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New London drops Ocean Beach rates for residents

New London — It’s likely to be a welcome surprise for residents when, and if, Ocean Beach Park opens as planned for the summer.

The City Council on Monday unveiled and approved sweeping rate reductions for residents and free access to the city-owned park for anyone under the age of 18 who walks into the park.

Councilor Alma Nartatez, who spearheaded the move, said the new discounts are the result of behind-the-scenes discussions and a broad consensus among her fellow councilors, along with input from park management.

“We believe as a council the residents should be able to access our beautiful coastline at a reduced rate,” Nartatez said.

The council has the lone authority to set rates and typically has done so based on the recommendation of park management.

The changes made Monday impact costs in nearly all categories for residents and most notably for pedestrians. Season passes for pedestrian families will drop from $80 to $50 and season passes for pedestrian individuals were lowered from $50 to $25, among other changes.

Parking rates will drop from $23 to $15 on weekends and from $17 to $10 on weekdays. Rates for all-day access to the pool were cut in half, from $8 to $4.

Rates for nonresidents will remain unchanged.

“Ocean Beach is a beautiful park and an amazing asset to our community. By reducing entry fees for New London residents, we are making great strides in combating income inequality,” Councilor James Burke said.

“We hear all too often that we need to do more to enrich the lives of the children and students in our community. We have one of the greatest beaches in Connecticut right at the tip of New London, and our children will soon know that this resource belongs to all of us,” he said.

Councilor Reona Dyess said there was an effort underway to link youth access to library cards, a way of verifying residency.

Resident Franca Parra, a social worker and one of the city’s many advocates for establishing a community center, said she was thrilled by the rate reductions and said the council’s move was a step in the right direction that will benefit the youth.

Parra has called the current rates discriminatory against the city’s many poor residents and said costs were an obstacle for some. The median family income in the city is below $40,000, and 65% of families live in rental properties.

Parra said access for youth was free and the bus was affordable when she was a child. She called on the city to do a better job addressing youth needs overall, especially with the city's focus on economic development.

Beach Manager Dave Sugrue said it was unclear how the new rates might impact revenues, but he hopes it will attract more residents. “It’s the city’s park,” he said. “It’s the city’s jewel. I support (the council) in their decision. The beach was important to my generation and it should be important for the next generation.”

Ocean Beach is open at no cost for passive recreation now and expected to open up its concessions, rides and entertainment on Memorial Day. What that might look like with the COVID-19 pandemic remains a question, but Sugrue said people coming into the park now are adhering to proper social distancing guidelines.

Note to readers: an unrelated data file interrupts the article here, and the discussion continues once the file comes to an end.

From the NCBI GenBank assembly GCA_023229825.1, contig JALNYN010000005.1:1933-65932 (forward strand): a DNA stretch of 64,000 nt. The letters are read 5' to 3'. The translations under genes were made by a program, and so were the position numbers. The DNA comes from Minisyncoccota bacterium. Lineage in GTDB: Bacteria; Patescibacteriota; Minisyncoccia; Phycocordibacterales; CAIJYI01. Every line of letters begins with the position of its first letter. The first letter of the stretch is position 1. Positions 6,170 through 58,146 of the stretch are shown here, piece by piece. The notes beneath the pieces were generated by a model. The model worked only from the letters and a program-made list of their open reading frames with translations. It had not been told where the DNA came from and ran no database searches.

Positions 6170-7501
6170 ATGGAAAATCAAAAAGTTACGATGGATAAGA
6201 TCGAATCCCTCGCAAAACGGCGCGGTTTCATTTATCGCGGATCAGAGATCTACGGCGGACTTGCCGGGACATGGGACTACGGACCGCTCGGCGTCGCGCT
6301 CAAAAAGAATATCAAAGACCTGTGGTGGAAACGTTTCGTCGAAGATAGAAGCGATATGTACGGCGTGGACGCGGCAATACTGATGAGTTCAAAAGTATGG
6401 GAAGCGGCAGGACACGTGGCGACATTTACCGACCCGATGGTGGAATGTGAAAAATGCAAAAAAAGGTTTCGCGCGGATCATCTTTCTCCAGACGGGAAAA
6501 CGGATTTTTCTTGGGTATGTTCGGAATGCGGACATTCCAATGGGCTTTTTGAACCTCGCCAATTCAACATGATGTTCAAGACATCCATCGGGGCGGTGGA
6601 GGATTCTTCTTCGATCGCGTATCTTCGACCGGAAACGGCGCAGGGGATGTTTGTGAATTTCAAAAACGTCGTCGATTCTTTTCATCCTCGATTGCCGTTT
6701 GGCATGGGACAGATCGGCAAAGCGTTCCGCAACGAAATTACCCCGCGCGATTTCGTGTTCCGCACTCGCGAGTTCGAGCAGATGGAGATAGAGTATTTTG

The city contracts with Centerplate to run the park, and the company receives a percentage of the profit — 10% of gross profits up to $125,000 and 25% of $125,001 or more, among other provisions. While the city has tackled some capital expenses, Centerplate has pledged more than $1 million in investments in the park as part of the agreement.

City financial records show park revenues were $2.3 million in 2019, which only slightly outpaced expenses. The city annually contributes funding, $60,000 in the current budget and a proposed $100,000 for the upcoming fiscal year to cover operating deficits. Excess revenue at the park is turned over to the city.

g.smith@theday.com

Mikayla Ellis, a lifeguard supervisor at Ocean Beach Park in New London, directs a few misbehaving swimmers to go read the list of rules for the pool June 14, 2017, at the popular New London beach. Pool rates are among the park fees that the City Council lowered Monday, April 20, 2020. (Tim Cook/The Day, file)
Mikayla Ellis, a lifeguard supervisor at Ocean Beach Park in New London, directs a few misbehaving swimmers to go read the list of rules for the pool June 14, 2017, at the popular New London beach. Pool rates are among the park fees that the City Council lowered Monday, April 20, 2020. (Tim Cook/The Day, file)

Park rates for 2020

Ocean Beach Park rates for the 2020 Season:

Parking

Weekend Parking: $23
Weekend Resident Parking: $15

Weekday Parking: $17
Weekday Resident Parking: $10

Evening Parking: $10
Evening Resident Parking: $5
Fireworks Evening Parking: $15
Fireworks Evenings Resident Parking: $10

(Holiday) July 4 Parking: $30
(Holiday) July 4 Resident Parking: $20
Monday Cruise Night: Free

Nonresident Season Pass Parking: $120
Resident Parking Season Pass: $65
Resident Senior Parking Season Pass: $25

Pedestrian and other rates

Pedestrian: $7
Pedestrian, Resident: $5, free to 18 and under

Pedestrian Nonresident Season Pass: $50
Pedestrian Resident Season Pass: $25
Pedestrian Nonresident Family Season Pass: $80
Pedestrian Resident Family Season Pass: $50
Pedestrian Child and Senior Season Pass: Free
Ocean Beach Flex Pass: $40

Locker: $3
All-day Pool: $8
All-day Pool, Resident: $4
All-day Mini Golf: $7

Source: New London City Council

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